A Bleak Walk is Just Perfect

I love bleak.  Typically rolling English countryside is lovely. And you can’t beat a verdant Daleside vista, criss-crossed with dry stone walls dividing its pastureland, its river along the valley floor edged with trees.  But here in Yorkshire, every now and then, I have to have my fix of bleak.

And one way to do this is to go over to Angram and Scar House reservoirs, both constructed in Nidderdale during the inter-war years last century, to provide water for the citizens of Bradford. Here are slopes, sculpted by long-gone streams and the often savage weather. These hillsides are covered in thin, tussocky grass – and not much else. Few trees.  Few buildings – the odd hunting lodge or barn.  But there are sheep, and birdlife too.  One of our memories of walking here was once seeing a small meadow pipit struggling to feed ‘her’ baby, a cuckoo fledgling three times her size.

My friend Sandra and I went there this week.  The day was perfect.  Not too hot and not too cold.  Briskly breezy.  And as we arrived , the reservoir was as blue as we’ve ever seen it, almost cobalt in its intensity.  We planned to walk our way round both reservoirs.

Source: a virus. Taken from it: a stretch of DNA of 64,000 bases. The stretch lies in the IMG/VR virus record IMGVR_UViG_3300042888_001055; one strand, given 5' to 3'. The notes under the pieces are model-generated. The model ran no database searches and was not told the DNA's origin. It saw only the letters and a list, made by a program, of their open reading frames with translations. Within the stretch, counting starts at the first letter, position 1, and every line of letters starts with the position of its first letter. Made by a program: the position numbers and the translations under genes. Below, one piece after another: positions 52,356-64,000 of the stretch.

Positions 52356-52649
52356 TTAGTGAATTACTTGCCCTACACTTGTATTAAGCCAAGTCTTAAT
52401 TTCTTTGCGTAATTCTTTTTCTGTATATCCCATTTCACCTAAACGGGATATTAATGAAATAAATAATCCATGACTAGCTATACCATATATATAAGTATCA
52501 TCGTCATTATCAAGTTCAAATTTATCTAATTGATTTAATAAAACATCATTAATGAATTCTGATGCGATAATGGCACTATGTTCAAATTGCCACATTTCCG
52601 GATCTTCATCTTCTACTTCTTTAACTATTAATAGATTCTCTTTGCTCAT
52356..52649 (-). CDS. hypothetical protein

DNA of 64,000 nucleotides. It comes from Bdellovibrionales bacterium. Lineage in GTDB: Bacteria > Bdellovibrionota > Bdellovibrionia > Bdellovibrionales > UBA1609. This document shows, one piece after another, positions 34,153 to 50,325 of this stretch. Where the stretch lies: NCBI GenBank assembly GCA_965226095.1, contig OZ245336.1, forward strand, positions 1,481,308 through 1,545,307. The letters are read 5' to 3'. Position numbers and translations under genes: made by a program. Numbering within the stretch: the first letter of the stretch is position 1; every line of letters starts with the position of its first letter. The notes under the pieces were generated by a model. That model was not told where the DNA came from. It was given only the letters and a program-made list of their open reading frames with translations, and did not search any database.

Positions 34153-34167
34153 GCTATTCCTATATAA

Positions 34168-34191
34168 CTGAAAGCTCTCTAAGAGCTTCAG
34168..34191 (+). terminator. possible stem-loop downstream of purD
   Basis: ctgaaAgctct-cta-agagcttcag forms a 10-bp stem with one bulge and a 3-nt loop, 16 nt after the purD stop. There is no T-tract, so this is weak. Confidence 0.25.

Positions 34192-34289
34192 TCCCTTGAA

Scar House Reservoir

Which way though?  Clockwise?  Anti-clockwise? Sandra counselled clockwise, and Sandra won.  That way, we’d get a slightly boring bit of track over and done with.  We’d get the wind-in-our-faces over and done with.  And most importantly, we’d get the squishier, less managed paths of Angram Reservoir over and done with.

It’s rained a lot lately, so walking round Angram involves some wet pathways.  Not muddy, just paddleable.  Juncus grass lining the route offered the odd springboard to drier grassy ground.  But with water to right of us, bald barren hillside to left of us , the route is easy to see.  And each reservoir terminates in a stout dam, each worthy of  walk in its own right, and in Angram’s case, with water tumbling to its sister reservoir below.